“The LNP Government will act quickly to implement a new industry structure that will be more accountable and transparent,” he said.
“The Newman Government has already sent in the Auditor-General to look at Racing Queensland’s finances and we await his report.
“We have commenced an audit of integrity functions of Racing Queensland as well and are preparing a new regulation to get control of Racing Queensland’s spending.
“We will ensure that the focus of future spending decisions is to benefit the Queensland racing industry.”
Racing Queensland has been mired in legal action with harness racers opposed to plans to sell off Albion Park for redevelopment and move them to a redeveloped Deagon facility.
Backed by one of Queensland’s richest men, developer Kevin Seymour, the harness racers argue they should remain at Albion.
The racing body also faced rebellion from greyhound owners who said they were promised their own standalone track in Logan as part of the merger of the state’s three racing codes under Racing Queensland, something the racing body denied.
But in its dying days, RQL and the Bligh government promised them their own track in Logan, something the greyhound racers are desperate to have the LNP commit to.
Analysis: Qld turmoil sends shudders south
From Racing.com, 5th June 2015
Considering the turmoil that Queensland Racing finds itself in during its biggest week, it is not surprising that there will be some anxiety among participants about what implications that turmoil has for racing in this state.
The implosion in the Sunshine State, which started out in the greyhound industry and spread through the two other racing codes, harness and thoroughbred, has claimed four racing boards, plus most likely the CEO of Racing Queensland.
What started out as an inquiry into live baiting in greyhound racing has ended up tipping the entire racing landscape on its head, with all of the sport’s figureheads all-but-removed. Racing Queensland has been revealed to be in a perilous financial state and in the words of Queensland Premier Annastacia Palaszczuk, it’s time for a ‘clean slate’.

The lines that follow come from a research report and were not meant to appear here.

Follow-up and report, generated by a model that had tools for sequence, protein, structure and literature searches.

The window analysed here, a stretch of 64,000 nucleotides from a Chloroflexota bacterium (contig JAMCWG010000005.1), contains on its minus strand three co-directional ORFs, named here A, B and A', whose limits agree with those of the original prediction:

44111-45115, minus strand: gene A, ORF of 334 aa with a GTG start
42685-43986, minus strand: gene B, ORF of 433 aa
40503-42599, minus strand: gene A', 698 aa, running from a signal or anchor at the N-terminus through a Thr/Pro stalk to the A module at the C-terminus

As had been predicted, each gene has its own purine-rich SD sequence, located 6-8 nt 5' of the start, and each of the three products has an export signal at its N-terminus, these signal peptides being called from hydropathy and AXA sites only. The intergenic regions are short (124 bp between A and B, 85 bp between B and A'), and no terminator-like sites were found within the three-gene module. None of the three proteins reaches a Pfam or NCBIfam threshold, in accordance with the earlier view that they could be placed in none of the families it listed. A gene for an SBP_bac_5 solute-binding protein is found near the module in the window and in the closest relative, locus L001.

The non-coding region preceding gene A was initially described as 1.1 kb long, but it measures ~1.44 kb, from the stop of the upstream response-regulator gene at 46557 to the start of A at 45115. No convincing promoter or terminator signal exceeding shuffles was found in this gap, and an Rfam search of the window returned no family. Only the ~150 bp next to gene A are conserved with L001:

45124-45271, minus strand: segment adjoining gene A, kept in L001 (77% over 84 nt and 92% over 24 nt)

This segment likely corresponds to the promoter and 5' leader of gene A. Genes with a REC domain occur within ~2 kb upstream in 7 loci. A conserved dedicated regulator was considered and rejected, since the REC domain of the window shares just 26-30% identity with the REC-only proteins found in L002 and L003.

It has prompted a furious reaction from those within the Queensland thoroughbred industry, with trainer Rob Heathcote leading the charge describing the government’s actions as a ‘nuclear bomb’ during Stradbroke week.
That consternation has spread through Victoria and New South Wales, despite the fact that the structure of racing in those two states is vastly different to that in Queensland.
In Victoria, all three industries fall under the Racing Minister as well as the Office of the Racing Integrity Commissioner, but there is no connection between the codes in terms of governance or operations.
That means that any damage caused by the tabling of a report to state parliament next week into live baiting in Victoria will be contained to the greyhound industry.
However, the live baiting scandal combined with the cobalt issues within the thoroughbred industry and other concerns within harness racing have put the integrity structures of the three codes under the microscope by Racing Minister Martin Pakula.
It has been suggested that integrity be taken away from those running the individual codes and placed into one independent body, a centralised Racing Commission.
The concern from those participants, is that a structure like that in Queensland allows for a fire of scandal to engulf all codes, not be limited to one. An example cited is an improper action by a steward operating under an ‘all-in’ integrity model could compromise all three codes of racing, not just one.
Pakula told the Herald Sun on Thursday that any model would be markedly different from Queensland, but that the situation did highlight that every governance model has its own challenges.
The competitive tensions between the three codes are nothing new. Thoroughbred racing firmly holds the position as the older brother and it has a much stronger financial footprint than both of its racing siblings.
But as has been proven in Queensland, thoroughbred racing has a lot more to lose than gain from being lumped together with harness and greyhounds.
And that’s the concern that those in the thoroughbred industry have. As the old adage goes, when you lie down with dogs…..